The US president vouched for Israeli innocence in the deadly strike, at meeting with nation’s leadership
US President Joe Biden has told Israeli Prime Minister Benjamin Netanyahu that he believed the nation’s assurances that it was not responsible for the strike on al-Ahli Hospital in Gaza City on Tuesday night.
“Based on what I’ve seen, it appears as though it was done by the other team, not you,” he assured the Israeli leader on Wednesday on a visit to Israel.
Biden said he was “deeply saddened and outraged” by the incident, which has claimed over 500 lives, according to Palestinian officials.
Washington has pledged continued military assistance to Israel, after a deadly incursion into southern Israel earlier this month by the Palestinian militant group Hamas from Gaza resulted in hundreds of deaths. The attackers also captured scores of hostages in the raid, whom they want to exchange for thousands of prisoners held in Israeli custody.
The Israeli government has vowed to obliterate the organization and has subjected Gaza to heavy bombardments since.
Biden arrived in Israel on Wednesday morning in a gesture of support. Later in the day he was expected to travel to Jordan to meet King Abdullah II, Egyptian President Abdel Fattah el-Sisi and Palestinian Authority President Mahmoud Abbas. Amman canceled the summit after the hospital strike, which it is pinning on Israel.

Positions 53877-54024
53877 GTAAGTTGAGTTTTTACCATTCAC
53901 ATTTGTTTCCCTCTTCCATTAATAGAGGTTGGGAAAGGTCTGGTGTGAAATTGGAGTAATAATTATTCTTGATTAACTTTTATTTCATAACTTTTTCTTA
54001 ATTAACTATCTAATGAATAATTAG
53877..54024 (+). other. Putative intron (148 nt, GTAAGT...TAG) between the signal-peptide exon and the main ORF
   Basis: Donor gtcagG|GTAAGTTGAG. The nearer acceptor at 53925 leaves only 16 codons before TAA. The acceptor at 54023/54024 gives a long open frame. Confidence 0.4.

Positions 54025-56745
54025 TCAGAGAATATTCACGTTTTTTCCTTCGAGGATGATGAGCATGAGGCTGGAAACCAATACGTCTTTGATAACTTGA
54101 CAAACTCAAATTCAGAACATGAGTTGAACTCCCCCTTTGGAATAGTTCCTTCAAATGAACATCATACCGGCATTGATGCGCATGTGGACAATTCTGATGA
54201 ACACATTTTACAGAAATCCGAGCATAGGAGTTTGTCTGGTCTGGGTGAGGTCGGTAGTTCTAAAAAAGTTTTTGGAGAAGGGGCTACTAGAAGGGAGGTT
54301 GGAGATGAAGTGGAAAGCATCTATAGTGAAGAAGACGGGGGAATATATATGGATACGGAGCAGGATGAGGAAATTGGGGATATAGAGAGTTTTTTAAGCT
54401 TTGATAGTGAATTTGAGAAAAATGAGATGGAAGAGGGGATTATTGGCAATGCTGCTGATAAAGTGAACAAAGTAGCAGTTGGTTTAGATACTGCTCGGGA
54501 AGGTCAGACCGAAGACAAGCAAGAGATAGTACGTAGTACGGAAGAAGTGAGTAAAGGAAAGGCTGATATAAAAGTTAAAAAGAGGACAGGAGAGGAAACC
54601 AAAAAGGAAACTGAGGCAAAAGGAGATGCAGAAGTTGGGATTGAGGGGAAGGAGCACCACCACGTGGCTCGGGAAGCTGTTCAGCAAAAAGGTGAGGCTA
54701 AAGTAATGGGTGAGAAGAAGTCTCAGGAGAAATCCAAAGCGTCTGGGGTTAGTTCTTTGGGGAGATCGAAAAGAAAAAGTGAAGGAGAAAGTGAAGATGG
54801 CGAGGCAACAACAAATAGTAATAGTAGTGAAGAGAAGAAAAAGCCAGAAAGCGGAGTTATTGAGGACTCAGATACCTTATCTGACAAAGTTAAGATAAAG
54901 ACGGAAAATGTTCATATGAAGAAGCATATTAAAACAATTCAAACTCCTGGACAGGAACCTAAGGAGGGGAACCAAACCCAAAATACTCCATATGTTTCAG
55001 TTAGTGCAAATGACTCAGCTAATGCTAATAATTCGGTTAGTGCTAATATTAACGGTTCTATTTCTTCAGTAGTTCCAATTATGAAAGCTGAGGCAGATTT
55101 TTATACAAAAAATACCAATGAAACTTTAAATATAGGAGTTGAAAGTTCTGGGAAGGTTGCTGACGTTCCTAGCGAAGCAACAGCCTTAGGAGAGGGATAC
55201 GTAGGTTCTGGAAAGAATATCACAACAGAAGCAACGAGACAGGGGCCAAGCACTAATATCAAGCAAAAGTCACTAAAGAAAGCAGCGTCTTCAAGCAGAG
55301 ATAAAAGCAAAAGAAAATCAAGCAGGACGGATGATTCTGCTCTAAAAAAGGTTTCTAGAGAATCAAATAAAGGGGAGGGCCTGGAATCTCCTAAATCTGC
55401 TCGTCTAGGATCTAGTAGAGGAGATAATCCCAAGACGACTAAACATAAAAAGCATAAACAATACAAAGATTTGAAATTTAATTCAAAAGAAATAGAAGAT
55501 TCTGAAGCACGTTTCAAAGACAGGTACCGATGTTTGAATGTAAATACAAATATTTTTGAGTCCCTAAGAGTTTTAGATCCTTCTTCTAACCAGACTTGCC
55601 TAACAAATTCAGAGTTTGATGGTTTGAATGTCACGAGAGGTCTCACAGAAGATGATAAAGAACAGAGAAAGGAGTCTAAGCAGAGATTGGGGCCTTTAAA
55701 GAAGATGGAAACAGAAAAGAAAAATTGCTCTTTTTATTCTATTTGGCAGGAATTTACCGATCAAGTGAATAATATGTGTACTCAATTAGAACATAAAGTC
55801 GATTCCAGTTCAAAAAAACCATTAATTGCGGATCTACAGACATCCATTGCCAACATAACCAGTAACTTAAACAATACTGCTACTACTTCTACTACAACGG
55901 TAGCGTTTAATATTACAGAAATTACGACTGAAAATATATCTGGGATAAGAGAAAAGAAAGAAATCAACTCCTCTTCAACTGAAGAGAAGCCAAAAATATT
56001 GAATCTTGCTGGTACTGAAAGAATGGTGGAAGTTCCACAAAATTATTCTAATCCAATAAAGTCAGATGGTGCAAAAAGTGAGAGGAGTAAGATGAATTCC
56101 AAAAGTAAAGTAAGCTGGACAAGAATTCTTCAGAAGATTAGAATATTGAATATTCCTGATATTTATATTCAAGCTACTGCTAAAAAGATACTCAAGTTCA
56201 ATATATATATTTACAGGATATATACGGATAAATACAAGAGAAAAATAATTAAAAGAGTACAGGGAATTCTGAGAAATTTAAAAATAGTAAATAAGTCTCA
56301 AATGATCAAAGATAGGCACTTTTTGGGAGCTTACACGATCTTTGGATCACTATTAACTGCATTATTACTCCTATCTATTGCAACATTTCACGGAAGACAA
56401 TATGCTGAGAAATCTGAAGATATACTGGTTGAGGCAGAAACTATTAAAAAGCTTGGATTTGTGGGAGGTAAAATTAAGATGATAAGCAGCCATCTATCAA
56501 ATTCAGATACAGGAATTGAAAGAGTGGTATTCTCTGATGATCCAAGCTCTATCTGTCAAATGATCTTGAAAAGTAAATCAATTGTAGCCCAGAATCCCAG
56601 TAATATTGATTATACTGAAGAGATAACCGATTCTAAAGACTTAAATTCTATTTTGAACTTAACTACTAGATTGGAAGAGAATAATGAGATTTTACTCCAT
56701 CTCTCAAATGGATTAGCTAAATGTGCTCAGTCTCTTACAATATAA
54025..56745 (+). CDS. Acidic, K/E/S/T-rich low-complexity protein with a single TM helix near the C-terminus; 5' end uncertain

Netanyahu is claiming that Palestinian Islamic Jihad, another militant group allied with Hamas, likely caused the destruction at al-Ahli. He said it launched a barrage of rockets on a course that came close to the hospital. The group denies this.
The visiting US leader focused on Hamas crimes during his meeting with Netanyahu.
“They have committed evils and atrocities that make ISIS look somewhat more rational,” he claimed, referring to Islamic State (IS, formerly ISIS/ISIL), the jihadist group infamous for its graphic on-camera executions of hostages.
Biden also stressed that Hamas “does not represent all of the Palestinian people and has brought them only suffering.”
Israeli President Isaac Herzog last week assigned some of the blame on civilian Palestinians, stating that “an entire nation out there … is responsible.”
“They could have risen up, they could have fought against that evil regime which took over Gaza,” he declared.
Israel supported Islamist Hamas as a counterweight to the secular Fatah from the 1970s up until early 1990s. The two factions fought a bloody conflict for control over Gaza, following Hamas' victory in the 2006 election to the Palestinian parliament and Fatah’s refusal to form a joint government.